Pippa Middleton is known for being a top-notch tennis player, but the most famous sister-in-law has now admitted that she has a new passion: boxing. Middleton wrote about the sport in her latest Sport and Social column for the Daily Telegraph.
In her column, Middleton noted that boxing is great for "toning up arms, bums and tums, and banishing bingo wings, back fat and booze blubber." She also described it as "pure but pleasing agony."
Middleton's column was not well-received after a comment in the article described a boxing club in South London as "dingy… not the sort I was familiar with: no VIP areas here."
"Most cringe-worthy column ever? Pippa Middleton slums it in 'no VIP' boxing club," the Daily Express tweeted in response to the article.
Others, however, enjoyed Middleton's honest depiction of her time inside the ring. She noted that before stepping in the ring, she "associated boxing with scenes of blood, drugs and violence, my vision influenced by the stars of brutish movies such as Sylvester Stallone in Rocky or a drug-addicted Christian Bale in The Fighter."
Middleton, who has done a great deal of charity work alongside her sister and brother-in-law, noted that for her, boxing has two appeals. One, of course, is the "svelte figure" but the other is the community role that boxing clubs play in the lives of those looking for something to keep them going. She is working with the Fitzroy Lodge, which is a non-profit club that teaches boxing to anyone interested.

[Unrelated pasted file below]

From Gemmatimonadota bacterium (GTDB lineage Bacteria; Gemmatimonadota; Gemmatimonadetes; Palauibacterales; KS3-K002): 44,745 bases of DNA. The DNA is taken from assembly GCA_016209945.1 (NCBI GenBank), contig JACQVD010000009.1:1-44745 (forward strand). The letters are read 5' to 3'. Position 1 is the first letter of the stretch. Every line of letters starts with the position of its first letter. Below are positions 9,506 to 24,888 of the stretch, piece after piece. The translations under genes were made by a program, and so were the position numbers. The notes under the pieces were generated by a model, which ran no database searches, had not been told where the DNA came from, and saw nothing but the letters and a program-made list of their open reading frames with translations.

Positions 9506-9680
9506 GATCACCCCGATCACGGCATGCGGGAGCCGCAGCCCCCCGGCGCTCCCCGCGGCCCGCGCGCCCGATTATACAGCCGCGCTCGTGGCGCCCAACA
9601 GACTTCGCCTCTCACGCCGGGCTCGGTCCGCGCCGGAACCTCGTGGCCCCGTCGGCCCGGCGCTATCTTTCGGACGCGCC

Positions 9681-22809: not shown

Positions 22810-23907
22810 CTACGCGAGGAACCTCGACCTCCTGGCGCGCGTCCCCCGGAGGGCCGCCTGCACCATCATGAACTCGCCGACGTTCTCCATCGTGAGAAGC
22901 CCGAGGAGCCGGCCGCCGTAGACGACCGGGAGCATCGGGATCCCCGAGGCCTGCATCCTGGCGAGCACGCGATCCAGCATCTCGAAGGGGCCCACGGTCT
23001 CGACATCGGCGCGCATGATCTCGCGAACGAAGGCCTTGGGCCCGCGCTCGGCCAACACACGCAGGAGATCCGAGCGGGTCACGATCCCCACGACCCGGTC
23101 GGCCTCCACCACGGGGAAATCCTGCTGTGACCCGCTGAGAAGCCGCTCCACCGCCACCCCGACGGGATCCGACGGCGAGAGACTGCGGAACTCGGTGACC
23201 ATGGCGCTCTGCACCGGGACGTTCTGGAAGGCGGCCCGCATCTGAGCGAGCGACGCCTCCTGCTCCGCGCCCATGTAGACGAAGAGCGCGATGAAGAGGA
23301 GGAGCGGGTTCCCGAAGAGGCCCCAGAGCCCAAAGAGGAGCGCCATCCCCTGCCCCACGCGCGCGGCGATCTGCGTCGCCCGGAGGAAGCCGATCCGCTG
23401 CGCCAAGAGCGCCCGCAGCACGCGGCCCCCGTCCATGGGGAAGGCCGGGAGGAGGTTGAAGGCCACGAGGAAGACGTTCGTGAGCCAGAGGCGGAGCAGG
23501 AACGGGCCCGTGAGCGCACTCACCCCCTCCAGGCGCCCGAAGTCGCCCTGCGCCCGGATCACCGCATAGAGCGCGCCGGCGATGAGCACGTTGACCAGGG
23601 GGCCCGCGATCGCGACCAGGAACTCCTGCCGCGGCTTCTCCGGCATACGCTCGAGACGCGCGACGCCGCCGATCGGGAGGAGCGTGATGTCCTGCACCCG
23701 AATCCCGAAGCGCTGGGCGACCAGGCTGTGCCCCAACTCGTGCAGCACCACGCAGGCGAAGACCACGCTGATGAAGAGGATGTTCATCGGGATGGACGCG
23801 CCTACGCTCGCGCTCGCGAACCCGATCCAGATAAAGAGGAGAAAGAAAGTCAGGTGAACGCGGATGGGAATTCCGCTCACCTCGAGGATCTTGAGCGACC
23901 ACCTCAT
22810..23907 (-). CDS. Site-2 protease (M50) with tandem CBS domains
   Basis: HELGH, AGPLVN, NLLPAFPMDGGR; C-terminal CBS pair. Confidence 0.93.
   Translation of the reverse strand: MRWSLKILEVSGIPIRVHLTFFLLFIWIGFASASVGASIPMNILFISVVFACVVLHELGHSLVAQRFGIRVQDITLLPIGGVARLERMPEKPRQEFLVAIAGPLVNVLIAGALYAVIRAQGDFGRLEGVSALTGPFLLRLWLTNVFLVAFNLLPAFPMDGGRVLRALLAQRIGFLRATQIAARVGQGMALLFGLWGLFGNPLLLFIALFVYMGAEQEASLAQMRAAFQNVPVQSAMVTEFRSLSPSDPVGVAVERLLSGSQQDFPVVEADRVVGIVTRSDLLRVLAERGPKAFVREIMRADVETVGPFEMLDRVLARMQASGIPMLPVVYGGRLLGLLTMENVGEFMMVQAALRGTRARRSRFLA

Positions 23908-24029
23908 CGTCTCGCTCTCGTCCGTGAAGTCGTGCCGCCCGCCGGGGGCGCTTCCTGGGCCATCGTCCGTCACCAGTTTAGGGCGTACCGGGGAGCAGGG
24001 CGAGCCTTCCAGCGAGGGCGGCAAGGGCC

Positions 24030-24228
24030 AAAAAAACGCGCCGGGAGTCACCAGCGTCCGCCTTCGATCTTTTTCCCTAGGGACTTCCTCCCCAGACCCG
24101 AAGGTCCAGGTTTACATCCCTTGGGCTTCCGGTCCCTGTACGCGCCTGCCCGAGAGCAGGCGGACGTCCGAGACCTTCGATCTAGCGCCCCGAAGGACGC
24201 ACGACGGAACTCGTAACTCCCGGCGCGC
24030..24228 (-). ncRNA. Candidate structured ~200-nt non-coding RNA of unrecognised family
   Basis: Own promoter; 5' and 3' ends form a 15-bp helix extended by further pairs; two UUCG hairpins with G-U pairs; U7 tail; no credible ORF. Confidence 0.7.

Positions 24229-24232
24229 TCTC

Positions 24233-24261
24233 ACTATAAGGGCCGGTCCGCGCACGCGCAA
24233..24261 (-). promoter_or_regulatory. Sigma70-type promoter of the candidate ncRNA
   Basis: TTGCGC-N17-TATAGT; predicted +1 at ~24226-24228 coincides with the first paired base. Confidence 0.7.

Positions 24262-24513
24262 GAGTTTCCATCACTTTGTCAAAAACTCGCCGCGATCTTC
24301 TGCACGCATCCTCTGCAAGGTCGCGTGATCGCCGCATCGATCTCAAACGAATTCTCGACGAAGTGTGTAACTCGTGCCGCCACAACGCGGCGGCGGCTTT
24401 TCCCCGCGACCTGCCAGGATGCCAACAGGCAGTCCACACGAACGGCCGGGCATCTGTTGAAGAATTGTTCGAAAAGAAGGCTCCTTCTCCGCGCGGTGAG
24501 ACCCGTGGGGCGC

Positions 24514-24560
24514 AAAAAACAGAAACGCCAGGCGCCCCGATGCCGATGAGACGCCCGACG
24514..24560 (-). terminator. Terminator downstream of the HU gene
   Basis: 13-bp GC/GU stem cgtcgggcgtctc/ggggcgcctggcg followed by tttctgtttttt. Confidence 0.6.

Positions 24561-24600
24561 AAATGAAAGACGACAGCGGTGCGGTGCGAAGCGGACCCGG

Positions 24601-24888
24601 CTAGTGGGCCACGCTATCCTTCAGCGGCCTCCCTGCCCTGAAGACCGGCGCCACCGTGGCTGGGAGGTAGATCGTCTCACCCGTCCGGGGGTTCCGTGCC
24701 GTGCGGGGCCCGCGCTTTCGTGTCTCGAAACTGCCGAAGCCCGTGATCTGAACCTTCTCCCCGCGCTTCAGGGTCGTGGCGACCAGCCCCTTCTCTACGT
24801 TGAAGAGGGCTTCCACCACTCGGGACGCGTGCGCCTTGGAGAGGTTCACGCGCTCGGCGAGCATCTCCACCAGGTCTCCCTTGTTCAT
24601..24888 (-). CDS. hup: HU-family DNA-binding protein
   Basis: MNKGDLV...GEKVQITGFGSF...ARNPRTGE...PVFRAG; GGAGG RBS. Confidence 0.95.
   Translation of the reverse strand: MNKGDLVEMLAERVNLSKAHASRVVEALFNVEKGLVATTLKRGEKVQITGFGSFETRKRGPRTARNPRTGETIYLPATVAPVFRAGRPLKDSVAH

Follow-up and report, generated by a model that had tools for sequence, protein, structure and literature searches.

Middleton is also working with The Sported Foundation, which encourages disadvantaged youth to take up a sport as a form of discipline and outreach. She described a conversation with one of the youth who box at Fitzroy Lodge.
"Boxing and my coaches' support really took me away from street life," the unnamed man said. "The Lodge is my second home where I learned the things they couldn't teach me at school – honor, respect, courage and to do the right thing."
The younger Middleton sister has been carving out a name for herself, writing for "Vanity Fair" in the United States and now "The Daily Telegraph" in the United Kingdom.